T-cells are everywhere: An opinionated take on NEJM highlights for October 2018

One century after the use of convalescent serum, convalescent T-cells

The use of tailored T-cells (e.g. CAR-T) is transforming our approach to (blood) cancers, but what about using T-cells against their raison d’être, intracellular pathogens such as viruses?  JC virus is the cause of Progressive Multifocal Leukoencephalopathy (PML), a fatal disease of the brain triggered by immunosuppression commonly occurring during cancer or auto-immune disease therapy. In a series of three consecutive patients with PML, scientists from MD Anderson infused in the spinal fluid T-cells that had been selected and expanded for their recognition of BK virus (an analog to JC virus) from HLA-matched donors. They observed a rapid decrease of JC viral loads, in-situ expansion of the donated T-cells as they went to work fighting the infection, and in two cases a regression of symptoms and brain lesions, and in the last case disease stabilization – impressive results in patients who were essentially at death’s door.  The days are not far when we will have libraries of T-cells against a wide variety of targets sitting on our shelves. Allogeneic BK Virus–Specific T Cells for Progressive Multifocal Leukoencephalopathy (subscriber access)


Foundational requirements for scalable precision medicine

Flagging an excellent review/thought piece on the informational infrastructure necessary for the scalable development of precision medicine. Well worth reading for the lucidity of the thinking. One key insight: the limitations created by hierarchical structures as embodied for example in ICD-10 where classifications consist of series of nested categories.  Precision medicine requires a broader relational structure that matches the real clinical world where pathological states have multiple descriptive and causal connections. Classification, Ontology, and Precision Medicine (subscriber access)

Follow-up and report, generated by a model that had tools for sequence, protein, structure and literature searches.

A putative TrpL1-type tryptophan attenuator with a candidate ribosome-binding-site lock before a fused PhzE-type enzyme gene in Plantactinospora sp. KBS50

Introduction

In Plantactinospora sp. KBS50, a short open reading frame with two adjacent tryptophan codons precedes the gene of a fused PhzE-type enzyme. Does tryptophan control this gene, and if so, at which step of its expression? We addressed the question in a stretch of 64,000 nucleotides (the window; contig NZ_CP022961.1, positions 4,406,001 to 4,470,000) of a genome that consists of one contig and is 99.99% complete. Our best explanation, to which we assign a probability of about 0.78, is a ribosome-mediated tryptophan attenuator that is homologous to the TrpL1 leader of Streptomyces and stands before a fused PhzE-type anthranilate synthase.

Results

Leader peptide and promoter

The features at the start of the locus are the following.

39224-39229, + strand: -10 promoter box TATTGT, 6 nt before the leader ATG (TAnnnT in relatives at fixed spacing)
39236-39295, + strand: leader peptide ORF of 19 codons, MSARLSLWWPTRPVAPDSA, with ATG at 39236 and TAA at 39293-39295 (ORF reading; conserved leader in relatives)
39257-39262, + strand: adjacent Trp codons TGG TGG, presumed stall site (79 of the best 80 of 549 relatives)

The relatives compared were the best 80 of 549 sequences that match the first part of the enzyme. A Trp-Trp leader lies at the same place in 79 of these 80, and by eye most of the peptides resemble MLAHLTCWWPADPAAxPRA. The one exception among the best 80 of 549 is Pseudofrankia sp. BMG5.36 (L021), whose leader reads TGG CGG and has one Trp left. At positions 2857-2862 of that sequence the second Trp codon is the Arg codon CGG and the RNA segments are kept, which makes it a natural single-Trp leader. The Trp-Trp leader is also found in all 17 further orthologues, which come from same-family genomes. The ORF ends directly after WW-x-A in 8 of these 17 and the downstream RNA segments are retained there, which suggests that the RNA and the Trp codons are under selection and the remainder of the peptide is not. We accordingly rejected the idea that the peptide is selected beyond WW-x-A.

Mining the JAK pathways

Psoriasis is an auto-immune disease of the skin which in its severe form can be debilitating for patients and for which intravenous monoclonal antibodies directed against interleurkin / tumor necrosis factor are a mainstay of management. Safe and equally efficacious oral therapies would certainly be more convenient: the agent BMS-986165 aims to fill this gap and this phase 2 study shows a promising therapeutic effect although we will have to wait phase 3 to know whether the side-effect profile is acceptable (which is always the main question with agents that tweak the immune system).  But beyond that, BMS-986165 targets TYK2 of the JAK pathway for which four players are knows: JAK1, JAK2, JAK3, and TYK2, and we now have agents against every one of those – this begs the question, in diseases of inflammation which typically affect an entire signaling network, wouldn’t the answer lie in modulating many elements of the network rather than hammering a single node as is currently the approach?   Phase 2 Trial of Selective Tyrosine Kinase 2 Inhibition in Psoriasis (subscriber access)


Good news for cystic fibrosis (CF) patients – and for Vertex

The most common CF-related mutation is Phe508del CFTR, and since both CFTR alleles must be impaired for CF to develop, the most common genotypes are either Phe508del-Phe508del or Phe508del-MF (where MF is some other mutation causing minimal function for CFTR). Unfortunately recent advances in CF through therapies aimed at recovering CFTR function, have had only small effectiveness for Phe508del-Phe508del and no effectiveness Phe508del-MF. There is hope that this will change as two parallel placebo-controlled phase 2 studies of VX-659 and VX-445 (both from Vertex) show an unambiguous significant benefit for the treatment arms. One caveat is that these studies were of short duration (one month) and that phase 3 programs to demonstrate long term benefits are on-going. VX-659–Tezacaftor–Ivacaftor in Patients with Cystic Fibrosis and One or Two Phe508del Alleles; VX-445–Tezacaftor–Ivacaftor in Patients with Cystic Fibrosis and One or Two Phe508del Alleles; Triple CFTR Modulator Therapy for Cystic Fibrosis (subscriber access)


The New England Journal of Medicine is a premier weekly medical journal covering many topics of interest to the health sector. In this monthly series we offer an opinionated perspective on selected highlights that might be of interest to our clients and others.

We use cookies
This website collects cookies to deliver better user experience and to analyze our website traffic and performance; we never collect any personal data or target you with ads.